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[1992-09-09-AJPW-Summer Action Series II] Toshiaki Kawada vs Akira Taue

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Kawada and Taue always come after each other with such hate that I still haven't seen a match between them that I haven't liked. Kawada heels it up in this one and Taue fights from underneath after a strong start, where you'd think otherwise after he piledrives Kawada on a table. Near the end, Taue makes a comeback that makes him look great, with Kawada become really desperate to escape pins, more so than normal. Kawada finally wins after multiple stretch plum attempts, with the move finally working. I suspected Kawada would go over since he's challenging for the Triple Crown in October, but they did a good job creating doubt over that near the end.

 

Was Kawada helping him up after the match intended to foreshadow what would happen in '93?

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I don't recall them having any plan at this point. There isn't really any evidence in this series or the next that they expected Jumbo to go out for good. They had the opportunity to get the belts off Jumbo & Taue the following series, but had them go over Gordy & Doc in the rematch of the August non-title match. They also booked the final match of the year to have Jumbo in it. They probably would have booked things differently, and possibly pulled the trigger instantly if they thought otherwise.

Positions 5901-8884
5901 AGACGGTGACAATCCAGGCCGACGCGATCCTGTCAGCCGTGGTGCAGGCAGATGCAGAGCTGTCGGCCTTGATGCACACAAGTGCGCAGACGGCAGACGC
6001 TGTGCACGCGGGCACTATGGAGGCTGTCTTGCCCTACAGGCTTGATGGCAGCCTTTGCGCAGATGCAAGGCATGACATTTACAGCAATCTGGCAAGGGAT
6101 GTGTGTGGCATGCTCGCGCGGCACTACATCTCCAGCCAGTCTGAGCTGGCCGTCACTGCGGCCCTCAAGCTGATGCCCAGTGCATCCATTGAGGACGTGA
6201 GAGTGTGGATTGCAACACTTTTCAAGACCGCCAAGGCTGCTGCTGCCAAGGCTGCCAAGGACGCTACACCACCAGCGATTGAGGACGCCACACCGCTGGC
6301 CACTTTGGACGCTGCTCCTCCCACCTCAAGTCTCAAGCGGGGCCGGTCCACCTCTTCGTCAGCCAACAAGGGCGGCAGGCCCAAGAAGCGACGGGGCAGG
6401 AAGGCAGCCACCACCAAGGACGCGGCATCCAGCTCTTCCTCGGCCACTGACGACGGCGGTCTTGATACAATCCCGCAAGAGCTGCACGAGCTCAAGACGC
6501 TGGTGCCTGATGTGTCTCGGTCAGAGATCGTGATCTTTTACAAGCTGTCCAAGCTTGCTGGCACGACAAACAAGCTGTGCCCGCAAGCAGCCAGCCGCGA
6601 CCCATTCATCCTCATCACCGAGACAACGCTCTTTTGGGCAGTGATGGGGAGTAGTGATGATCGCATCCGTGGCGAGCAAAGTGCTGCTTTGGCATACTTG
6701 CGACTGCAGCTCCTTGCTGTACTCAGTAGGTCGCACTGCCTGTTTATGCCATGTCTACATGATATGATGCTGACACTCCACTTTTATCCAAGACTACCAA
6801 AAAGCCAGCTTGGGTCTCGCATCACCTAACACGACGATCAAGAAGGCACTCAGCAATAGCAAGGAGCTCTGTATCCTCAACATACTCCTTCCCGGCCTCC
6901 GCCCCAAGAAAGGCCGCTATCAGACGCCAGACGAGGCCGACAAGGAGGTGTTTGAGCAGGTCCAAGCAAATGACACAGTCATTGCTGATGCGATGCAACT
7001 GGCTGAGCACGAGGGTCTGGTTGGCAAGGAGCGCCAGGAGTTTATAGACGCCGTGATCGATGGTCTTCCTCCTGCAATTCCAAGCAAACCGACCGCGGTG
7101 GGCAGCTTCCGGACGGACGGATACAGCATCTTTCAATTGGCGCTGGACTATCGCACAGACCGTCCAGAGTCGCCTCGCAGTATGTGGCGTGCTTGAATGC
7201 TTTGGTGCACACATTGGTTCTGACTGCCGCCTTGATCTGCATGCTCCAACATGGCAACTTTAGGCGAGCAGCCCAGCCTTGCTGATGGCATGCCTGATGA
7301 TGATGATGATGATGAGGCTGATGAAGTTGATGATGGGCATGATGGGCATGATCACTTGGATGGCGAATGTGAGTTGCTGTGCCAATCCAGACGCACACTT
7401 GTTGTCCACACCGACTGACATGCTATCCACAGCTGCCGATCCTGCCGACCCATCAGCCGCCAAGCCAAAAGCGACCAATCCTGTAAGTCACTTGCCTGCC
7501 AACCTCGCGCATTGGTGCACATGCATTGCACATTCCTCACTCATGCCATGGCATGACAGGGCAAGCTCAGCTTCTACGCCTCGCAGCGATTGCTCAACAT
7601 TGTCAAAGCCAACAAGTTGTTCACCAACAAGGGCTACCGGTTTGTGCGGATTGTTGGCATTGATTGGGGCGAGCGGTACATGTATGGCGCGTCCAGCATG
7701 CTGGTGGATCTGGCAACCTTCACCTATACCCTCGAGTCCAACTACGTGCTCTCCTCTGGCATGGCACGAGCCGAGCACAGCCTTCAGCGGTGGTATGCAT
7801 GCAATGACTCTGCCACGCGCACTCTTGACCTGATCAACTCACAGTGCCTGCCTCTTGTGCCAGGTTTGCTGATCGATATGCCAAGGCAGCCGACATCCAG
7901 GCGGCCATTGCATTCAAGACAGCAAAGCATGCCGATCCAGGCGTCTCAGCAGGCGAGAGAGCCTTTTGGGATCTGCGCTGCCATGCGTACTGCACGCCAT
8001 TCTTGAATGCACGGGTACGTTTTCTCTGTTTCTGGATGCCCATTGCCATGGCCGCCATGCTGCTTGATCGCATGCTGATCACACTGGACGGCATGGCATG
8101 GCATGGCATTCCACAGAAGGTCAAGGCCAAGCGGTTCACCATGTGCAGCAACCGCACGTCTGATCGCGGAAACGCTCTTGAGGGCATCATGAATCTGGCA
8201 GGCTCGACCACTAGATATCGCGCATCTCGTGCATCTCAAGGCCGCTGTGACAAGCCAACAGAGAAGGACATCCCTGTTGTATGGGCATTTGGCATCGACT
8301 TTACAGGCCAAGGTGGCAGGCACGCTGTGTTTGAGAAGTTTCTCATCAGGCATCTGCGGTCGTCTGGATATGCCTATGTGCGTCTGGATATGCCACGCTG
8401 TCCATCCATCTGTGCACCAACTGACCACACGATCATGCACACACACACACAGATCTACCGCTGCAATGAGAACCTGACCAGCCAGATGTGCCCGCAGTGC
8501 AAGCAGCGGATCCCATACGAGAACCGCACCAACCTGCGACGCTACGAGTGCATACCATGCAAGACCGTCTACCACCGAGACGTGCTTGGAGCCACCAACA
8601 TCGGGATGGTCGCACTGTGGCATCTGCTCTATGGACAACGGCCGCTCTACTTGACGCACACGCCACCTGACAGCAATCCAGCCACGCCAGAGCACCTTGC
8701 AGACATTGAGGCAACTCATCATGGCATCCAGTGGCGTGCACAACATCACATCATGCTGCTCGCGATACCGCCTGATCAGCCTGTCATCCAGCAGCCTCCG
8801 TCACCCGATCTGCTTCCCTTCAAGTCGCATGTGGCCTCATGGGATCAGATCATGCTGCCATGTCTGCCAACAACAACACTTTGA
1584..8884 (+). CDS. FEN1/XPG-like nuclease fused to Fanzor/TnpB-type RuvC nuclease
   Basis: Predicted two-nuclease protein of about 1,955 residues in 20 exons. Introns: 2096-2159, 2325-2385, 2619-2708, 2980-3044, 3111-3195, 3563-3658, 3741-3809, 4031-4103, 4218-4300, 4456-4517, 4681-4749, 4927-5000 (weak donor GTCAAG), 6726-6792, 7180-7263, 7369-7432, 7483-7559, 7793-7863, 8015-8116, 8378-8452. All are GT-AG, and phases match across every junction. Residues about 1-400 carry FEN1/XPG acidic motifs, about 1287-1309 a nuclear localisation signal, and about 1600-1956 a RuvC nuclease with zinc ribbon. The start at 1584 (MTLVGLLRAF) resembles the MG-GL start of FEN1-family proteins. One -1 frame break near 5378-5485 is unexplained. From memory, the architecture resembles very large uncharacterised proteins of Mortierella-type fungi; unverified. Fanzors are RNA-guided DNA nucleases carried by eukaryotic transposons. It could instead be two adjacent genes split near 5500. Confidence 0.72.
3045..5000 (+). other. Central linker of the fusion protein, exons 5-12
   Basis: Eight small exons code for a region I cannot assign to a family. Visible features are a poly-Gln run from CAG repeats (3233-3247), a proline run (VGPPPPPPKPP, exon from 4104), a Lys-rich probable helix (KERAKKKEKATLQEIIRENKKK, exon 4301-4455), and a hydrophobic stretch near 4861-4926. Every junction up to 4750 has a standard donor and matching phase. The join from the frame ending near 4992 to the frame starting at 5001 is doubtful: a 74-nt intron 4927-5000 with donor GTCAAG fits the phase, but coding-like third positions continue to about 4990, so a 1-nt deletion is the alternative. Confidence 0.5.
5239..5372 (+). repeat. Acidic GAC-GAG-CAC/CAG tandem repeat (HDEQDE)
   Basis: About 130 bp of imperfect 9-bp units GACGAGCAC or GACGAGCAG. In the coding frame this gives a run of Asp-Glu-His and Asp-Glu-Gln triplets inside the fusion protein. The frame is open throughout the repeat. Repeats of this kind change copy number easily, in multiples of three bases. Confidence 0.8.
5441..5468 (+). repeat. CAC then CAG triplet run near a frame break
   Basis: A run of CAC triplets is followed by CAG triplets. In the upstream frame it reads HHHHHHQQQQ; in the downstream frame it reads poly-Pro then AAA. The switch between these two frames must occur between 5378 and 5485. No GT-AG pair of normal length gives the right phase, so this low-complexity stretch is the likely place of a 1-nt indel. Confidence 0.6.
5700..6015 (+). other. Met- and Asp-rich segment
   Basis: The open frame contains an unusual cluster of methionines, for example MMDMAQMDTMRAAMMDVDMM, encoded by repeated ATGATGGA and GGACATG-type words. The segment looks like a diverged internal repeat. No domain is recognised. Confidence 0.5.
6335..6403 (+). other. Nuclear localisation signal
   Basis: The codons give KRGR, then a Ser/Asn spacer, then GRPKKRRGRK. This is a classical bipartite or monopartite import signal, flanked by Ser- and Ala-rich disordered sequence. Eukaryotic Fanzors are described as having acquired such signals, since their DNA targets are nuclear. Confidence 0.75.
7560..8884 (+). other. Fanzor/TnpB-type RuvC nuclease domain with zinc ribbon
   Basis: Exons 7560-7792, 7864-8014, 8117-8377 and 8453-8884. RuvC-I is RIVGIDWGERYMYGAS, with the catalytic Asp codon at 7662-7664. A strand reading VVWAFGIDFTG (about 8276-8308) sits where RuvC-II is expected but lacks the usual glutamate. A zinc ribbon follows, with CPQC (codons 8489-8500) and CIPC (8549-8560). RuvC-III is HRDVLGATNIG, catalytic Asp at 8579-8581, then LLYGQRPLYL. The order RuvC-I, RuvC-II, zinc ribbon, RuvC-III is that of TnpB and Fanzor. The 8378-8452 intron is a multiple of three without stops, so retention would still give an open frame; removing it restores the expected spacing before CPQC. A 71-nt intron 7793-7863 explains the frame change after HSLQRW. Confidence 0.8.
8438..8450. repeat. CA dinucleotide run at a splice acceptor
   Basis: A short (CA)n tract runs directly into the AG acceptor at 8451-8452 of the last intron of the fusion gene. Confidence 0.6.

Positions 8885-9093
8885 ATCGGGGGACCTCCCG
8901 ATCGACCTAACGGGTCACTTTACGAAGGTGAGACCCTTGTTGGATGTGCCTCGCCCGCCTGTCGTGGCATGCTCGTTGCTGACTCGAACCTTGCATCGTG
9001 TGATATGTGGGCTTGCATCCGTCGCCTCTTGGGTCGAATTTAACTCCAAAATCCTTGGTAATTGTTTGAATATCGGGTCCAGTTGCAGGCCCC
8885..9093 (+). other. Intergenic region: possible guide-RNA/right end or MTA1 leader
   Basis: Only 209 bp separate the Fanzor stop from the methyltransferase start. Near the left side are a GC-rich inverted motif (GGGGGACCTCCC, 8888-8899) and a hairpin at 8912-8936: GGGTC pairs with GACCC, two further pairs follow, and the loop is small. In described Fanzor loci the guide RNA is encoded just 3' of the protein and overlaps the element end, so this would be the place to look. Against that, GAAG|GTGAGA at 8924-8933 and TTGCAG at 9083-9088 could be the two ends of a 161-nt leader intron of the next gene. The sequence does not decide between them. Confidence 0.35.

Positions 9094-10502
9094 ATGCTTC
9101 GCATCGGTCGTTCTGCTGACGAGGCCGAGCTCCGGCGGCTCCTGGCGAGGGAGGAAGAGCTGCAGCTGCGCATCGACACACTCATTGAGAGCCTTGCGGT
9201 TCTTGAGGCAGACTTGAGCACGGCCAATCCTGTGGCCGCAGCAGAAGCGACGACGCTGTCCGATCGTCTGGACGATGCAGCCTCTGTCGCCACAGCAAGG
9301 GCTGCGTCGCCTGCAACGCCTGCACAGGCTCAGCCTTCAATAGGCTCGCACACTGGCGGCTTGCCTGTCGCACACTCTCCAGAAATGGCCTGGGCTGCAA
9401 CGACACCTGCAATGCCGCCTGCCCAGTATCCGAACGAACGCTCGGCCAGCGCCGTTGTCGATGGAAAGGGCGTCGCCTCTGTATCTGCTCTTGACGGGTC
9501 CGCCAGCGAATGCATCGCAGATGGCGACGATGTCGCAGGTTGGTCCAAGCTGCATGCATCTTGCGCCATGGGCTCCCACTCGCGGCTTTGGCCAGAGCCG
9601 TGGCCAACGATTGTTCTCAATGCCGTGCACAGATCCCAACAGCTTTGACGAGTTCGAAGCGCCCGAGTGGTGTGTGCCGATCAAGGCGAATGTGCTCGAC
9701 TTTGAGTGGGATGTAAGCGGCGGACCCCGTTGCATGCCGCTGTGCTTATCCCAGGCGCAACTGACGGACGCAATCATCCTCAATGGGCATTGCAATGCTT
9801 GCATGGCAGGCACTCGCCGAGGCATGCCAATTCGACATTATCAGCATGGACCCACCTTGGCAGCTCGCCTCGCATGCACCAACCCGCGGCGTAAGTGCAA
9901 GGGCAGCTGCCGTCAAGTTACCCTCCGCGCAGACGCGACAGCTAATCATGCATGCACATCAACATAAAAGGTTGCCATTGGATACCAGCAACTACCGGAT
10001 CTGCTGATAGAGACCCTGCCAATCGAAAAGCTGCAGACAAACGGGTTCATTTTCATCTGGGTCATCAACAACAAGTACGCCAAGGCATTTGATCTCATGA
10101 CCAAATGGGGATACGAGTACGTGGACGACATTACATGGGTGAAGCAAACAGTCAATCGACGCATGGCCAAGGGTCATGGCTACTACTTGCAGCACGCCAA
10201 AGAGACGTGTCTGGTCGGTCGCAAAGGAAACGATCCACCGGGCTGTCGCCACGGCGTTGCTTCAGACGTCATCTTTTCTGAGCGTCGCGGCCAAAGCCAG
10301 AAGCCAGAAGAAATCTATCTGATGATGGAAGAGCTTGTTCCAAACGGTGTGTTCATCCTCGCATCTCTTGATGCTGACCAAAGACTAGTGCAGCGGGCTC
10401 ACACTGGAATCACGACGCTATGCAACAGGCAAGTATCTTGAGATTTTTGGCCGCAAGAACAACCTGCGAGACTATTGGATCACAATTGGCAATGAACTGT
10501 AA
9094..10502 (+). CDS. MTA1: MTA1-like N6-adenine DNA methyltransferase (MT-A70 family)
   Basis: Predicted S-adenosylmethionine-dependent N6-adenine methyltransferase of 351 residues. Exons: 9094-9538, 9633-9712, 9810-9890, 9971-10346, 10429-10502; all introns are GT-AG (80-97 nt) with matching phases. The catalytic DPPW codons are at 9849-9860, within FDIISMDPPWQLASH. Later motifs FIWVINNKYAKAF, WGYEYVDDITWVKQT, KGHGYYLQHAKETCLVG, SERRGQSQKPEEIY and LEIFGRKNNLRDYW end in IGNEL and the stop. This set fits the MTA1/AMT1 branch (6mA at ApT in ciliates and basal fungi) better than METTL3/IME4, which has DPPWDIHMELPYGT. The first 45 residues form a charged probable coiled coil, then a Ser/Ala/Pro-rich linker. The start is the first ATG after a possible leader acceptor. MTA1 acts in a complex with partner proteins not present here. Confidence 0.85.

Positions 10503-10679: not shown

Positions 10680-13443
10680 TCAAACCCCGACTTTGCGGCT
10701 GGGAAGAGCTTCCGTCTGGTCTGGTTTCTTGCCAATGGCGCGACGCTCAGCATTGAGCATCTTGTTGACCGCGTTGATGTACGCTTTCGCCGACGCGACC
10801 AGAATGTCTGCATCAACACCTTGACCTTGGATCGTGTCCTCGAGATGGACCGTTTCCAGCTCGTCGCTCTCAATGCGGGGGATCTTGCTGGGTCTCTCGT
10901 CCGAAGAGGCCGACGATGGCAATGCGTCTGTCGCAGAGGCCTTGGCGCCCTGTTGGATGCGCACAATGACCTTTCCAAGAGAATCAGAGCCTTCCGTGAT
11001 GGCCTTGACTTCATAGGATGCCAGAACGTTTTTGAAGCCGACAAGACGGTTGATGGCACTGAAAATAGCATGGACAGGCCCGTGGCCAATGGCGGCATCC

Kawada-Taue talk started early in 1993 when it became clear Jumbo wasn't coming back.

 

At some point they would have had to split up Misawa-Kawada and Jumbo-Taue for Kobashi to move up. There really wasn't a 6th native ready for that spot anytime soon. Jun didn't move up until 1996... kind of hard to see him being the #2 to either Jumbo or Misawa (if they did the pretty unthinkable of making Kobashi the #2 to Jumbo) in 1993.

 

John

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The build was mediocre. The pacing felt off, like they were doing things in the wrong order. Fortunately it picked up a lot in the 2nd half as they showed what they could do. Rare submission finisher in a big bout.

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Taue looked real good here. Really good match that started off well with Taue piledriving Kawada on the announce table which set the tone. These guys were showing some hatred here. Nice battle at the end with each guy really determined to get their finisher in with the chokeslam versus stretch plum.

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Taue dominaties early sending Kawada to floor and piledriving him on a table, and he's relentless in controlling the action. Taue again worked great as a heel here, kicking Kawada in the head while he's down. Kawada eventually turns things around and forces Taue to work out of a tight headlock after Taue had him in the same spot earlier. Kawada hits a lariat for a hot near fall before Taue lands a big slap that looks to set up the finish as Kawada kicks out of one nodowa, gets a foot on the rope on the second and twice blocks a third attempt before going to the submissions with a Misawa facelock, stretch plum and another stretch plum for the win. Great finishing stretch.

 

***3/4